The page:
When Jacques was given his own chance to speak, he appeared as pain-stricken by Brett's death as the Sindlers.

"I would trade places with Brett in a second if I could," Jacques said, his voice cracking with emotion.

According to Jacques, the moments that led up to the death of his friend continue to haunt him with thoughts of what he could have, would have, or should have done differently.

"I lost my friend - my best friend. I will not forget Brett - he lives in my thoughts - he's still alive in my memories," Jacques muttered through his tears.

Jacques said the two families have spent time together for 20 years. And he begged the Sindlers to someday find it in their hearts to forgive him for what he's done.

After the sentencing, Chad Sindler, who considered Brett both a best friend and a big brother, said forgiveness will not come easy.

"It's always going to be a tragedy, but I know that someday I'm going to get to talk to Brett again, so I think that I'll be able to get over this someday," he said.
EagleHerald staff writer

MENOMINEE - Richard Jacques' sentencing Friday afternoon in Menominee County Circuit Court had a tremendous emotional effect on the family and friends of both Brett Ingram and Richard Jacques. Yet the tragic circumstances of the case were also quite evident on the faces and in the words of Menominee County Prosecuting Attorney Dan Hass, Jacques' defense attorney Beth LaCosse, and Circuit Judge Richard Celello.

Celello's preface to Jacques' sentence was likely heartfelt by everyone in the courtroom.
The judge began by explaining it was beyond his capabilities to fashion a sentence that would bring Brett Ingram back.

"I can't do that, that's for a different dimension, a different life," he said.

As, for Jacques' inner feelings, the judge admitted he had no way of assessing those either.

"I'm not smart enough or intuitive enough to know what's in Mr. Jacques' heart ... I cannot look into Mr. Jacques' heart to see how he feels down deep, but my sense is that he does have regrets about what happened."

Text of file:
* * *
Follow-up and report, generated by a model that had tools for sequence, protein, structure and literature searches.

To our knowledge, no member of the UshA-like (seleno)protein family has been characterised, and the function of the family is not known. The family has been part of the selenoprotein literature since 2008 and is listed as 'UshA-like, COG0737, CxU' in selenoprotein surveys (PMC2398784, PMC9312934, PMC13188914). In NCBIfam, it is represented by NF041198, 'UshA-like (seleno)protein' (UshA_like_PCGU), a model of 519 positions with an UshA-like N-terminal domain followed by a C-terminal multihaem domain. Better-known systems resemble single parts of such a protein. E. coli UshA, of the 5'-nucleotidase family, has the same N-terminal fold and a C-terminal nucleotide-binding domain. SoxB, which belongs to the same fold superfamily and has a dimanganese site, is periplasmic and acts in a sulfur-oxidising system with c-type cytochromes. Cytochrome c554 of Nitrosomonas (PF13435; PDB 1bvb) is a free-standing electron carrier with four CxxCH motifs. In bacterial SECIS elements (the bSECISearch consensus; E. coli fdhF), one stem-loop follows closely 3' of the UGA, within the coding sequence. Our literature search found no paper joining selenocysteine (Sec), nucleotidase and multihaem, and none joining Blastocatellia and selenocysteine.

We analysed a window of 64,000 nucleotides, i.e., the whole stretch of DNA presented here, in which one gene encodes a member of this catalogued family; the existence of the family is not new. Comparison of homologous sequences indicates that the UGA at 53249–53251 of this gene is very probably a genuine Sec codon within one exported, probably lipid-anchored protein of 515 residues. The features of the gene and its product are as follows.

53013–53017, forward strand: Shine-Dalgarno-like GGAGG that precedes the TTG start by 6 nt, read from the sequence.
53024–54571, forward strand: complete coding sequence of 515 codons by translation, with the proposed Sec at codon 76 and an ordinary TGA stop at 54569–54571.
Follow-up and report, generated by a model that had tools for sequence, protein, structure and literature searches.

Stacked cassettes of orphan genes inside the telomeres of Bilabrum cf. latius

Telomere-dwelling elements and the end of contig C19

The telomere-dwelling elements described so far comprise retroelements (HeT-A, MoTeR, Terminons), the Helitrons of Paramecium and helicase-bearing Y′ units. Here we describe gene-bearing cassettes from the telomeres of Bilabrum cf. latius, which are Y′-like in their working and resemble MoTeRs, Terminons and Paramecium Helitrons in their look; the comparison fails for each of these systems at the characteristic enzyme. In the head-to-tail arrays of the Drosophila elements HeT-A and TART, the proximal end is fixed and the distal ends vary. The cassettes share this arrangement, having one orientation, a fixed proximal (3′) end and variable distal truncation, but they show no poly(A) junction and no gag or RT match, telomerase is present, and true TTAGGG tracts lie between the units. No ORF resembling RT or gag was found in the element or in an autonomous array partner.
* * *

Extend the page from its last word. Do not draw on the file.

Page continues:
As Celello prepared to read Jacques' seven to 15 year sentence, he admitted the court's findings might not seem satisfactory to anyone in the room.

But he said that in his mind, Ingram's death was a tragic accident, as he heard "nothing during the trial to suggest it was intentional."

Still, Celello spoke directly and sternly to Jacques about retribution.

"In terms of retribution, I think when you get out after the sentence, if you get behind the wheel of a car again after drinking alcohol - then I'd have no explanation for that. I would think that if that would occur again, you should never get out of prison."

Hass remarked after the sentencing that it was apparent emotions are still very high more than a year after Ingram's death.

Hass also agreed the situation was tragically unfortunate. He attributed Ingram's death to Jacques getting behind the wheel after heavy drinking, and said he was pleased the judge sentenced Jacques on the "higher end" of the state's guidelines.

After the trial, LaCosse said she respected the jury's verdict in her client's January trial, but admitted she was hoping for a lesser sentence than the one Celello handed down.

She said her client had already acquired counsel to appeal.
In looking back at the events that led to the trial and her client's eventual sentencing, LaCosse said she considered it a tragedy for the community and for all of the families involved.

"If anything positive can come out of this - if people can just think twice before getting in a vehicle after they've consumed too much to drink."

Although there would be no way of knowing, she said there was a chance that Brett's death could help save others, and thought that may be of some consolation to Ingram's family.

"If Brett's family knew that because of this situation, somebody thought twice and didn't get in a car and didn't have a problem."

LaCosse said she is now hopeful that "both families will start the process of healing and compassion and forgiveness."